Tuesday, April 24, 2012

Regulating the Poor

Regulating the Poor: The Functions of Public Welfare
by Frances Fox Piven and Richard Cloward

The main premise of this book is that government provides aid for the poor to control political unrest and to control labor. The book starts off by tracing the history and development of welfare in western civilization. Prior to the early 16th century, caring for the poor was considered to be primarily the responsibility of the church or of those of the more prosperous who tried to purchase their salvation through almsgiving. Leaving charity to the church meant that few received aid and those not necessarily according to their need.

This increased social unrest so governments began to be involved in providing for the poor. This was done for two primary reasons: 1.) To control social order and 2.) To extol the virtue of labor even at the lowest wages by making the treatment of the destitute so punitive and degrading that the no one wants to descend into beggary and pauperism. The book details such early government programs as workhouses, labor yards, and poor law subsidies whereby parish churches were required to care for the poor in their area.

 In the united States, welfare was addressed somewhat differently. Poverty in the U.S. was regarded as the obvious consequence of sloth and sinfulness. Relief was scattered and fragmentary-each township or county provided for its hungry in whatever manner it saw fit-giving of food, incarceration in almshouses, or indentured service. Poor relief was a local, not a state or national responsibility.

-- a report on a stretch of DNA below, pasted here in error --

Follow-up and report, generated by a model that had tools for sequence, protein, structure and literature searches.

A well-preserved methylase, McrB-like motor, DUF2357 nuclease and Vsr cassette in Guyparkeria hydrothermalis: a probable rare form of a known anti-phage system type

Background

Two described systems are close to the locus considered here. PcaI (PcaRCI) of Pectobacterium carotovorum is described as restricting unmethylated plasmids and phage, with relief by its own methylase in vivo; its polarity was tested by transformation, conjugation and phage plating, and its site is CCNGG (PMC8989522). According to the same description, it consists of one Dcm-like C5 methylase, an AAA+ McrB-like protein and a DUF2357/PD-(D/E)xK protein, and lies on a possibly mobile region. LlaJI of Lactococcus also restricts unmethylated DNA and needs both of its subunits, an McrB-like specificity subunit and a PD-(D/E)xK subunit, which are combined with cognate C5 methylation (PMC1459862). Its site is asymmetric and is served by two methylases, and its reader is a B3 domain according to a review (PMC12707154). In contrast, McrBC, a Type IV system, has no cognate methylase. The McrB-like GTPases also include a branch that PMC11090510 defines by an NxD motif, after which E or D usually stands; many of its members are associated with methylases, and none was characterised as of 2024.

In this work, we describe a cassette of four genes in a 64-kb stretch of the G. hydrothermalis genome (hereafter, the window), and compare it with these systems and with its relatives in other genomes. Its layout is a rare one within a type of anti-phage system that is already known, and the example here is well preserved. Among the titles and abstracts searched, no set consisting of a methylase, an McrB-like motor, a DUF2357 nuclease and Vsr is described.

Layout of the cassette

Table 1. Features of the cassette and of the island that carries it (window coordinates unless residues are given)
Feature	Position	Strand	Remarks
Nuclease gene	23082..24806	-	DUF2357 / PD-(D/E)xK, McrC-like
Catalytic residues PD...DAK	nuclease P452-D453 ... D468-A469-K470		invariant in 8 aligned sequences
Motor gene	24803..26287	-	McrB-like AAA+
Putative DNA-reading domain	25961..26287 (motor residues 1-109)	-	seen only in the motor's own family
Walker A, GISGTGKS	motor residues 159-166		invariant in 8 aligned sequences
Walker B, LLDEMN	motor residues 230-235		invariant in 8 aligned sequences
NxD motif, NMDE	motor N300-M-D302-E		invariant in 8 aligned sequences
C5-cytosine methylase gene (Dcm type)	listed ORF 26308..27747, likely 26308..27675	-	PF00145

During the great Depression, unemployment became so widespread that the government was forced to develop programs to assist the poor and the unemployed. At first the government focused on direct relief, but as imm4ediate needs were satisfied, the government moved on to work relief which, interestingly, was opposed by business leaders because it was felt that government was encroaching on areas that had been primarily reserved for private enterprise. As conditions stabilized, US policies changed to conform with the earlier view of poverty as being the rsult of sloth and sinfulness.

Relief programs excluded able-bodied men. Man-in-the-house rules excluded aid to a mother who was in any way associated with a man, particularly if the man lived in her house. Women and/or children were given aid but at the same time assigned to private entrepreneurs who were told to use them in any way possible. With the growing mechanization of southern agriculture, blacks migrated into the cities, particularly the northern cities where relief rules were not as restrictive.

Four million blacks came to cities in less than three decades-congregated in largest cities in the north-New York, Chicago, Philadelphia, Detroit, Los Angeles, Washington. Industry required an increasingly skilled labor force just as unskilled blacks reached cities in large numbers from the fields of the south, consequently, unemployment rose. Unrest mounted among poor blacks, culminating in the Civil Rights demonstrations of the early 60's. Then was born the Great society as Democrats realized that blacks were located in states of the most strategic importance in presidential contests.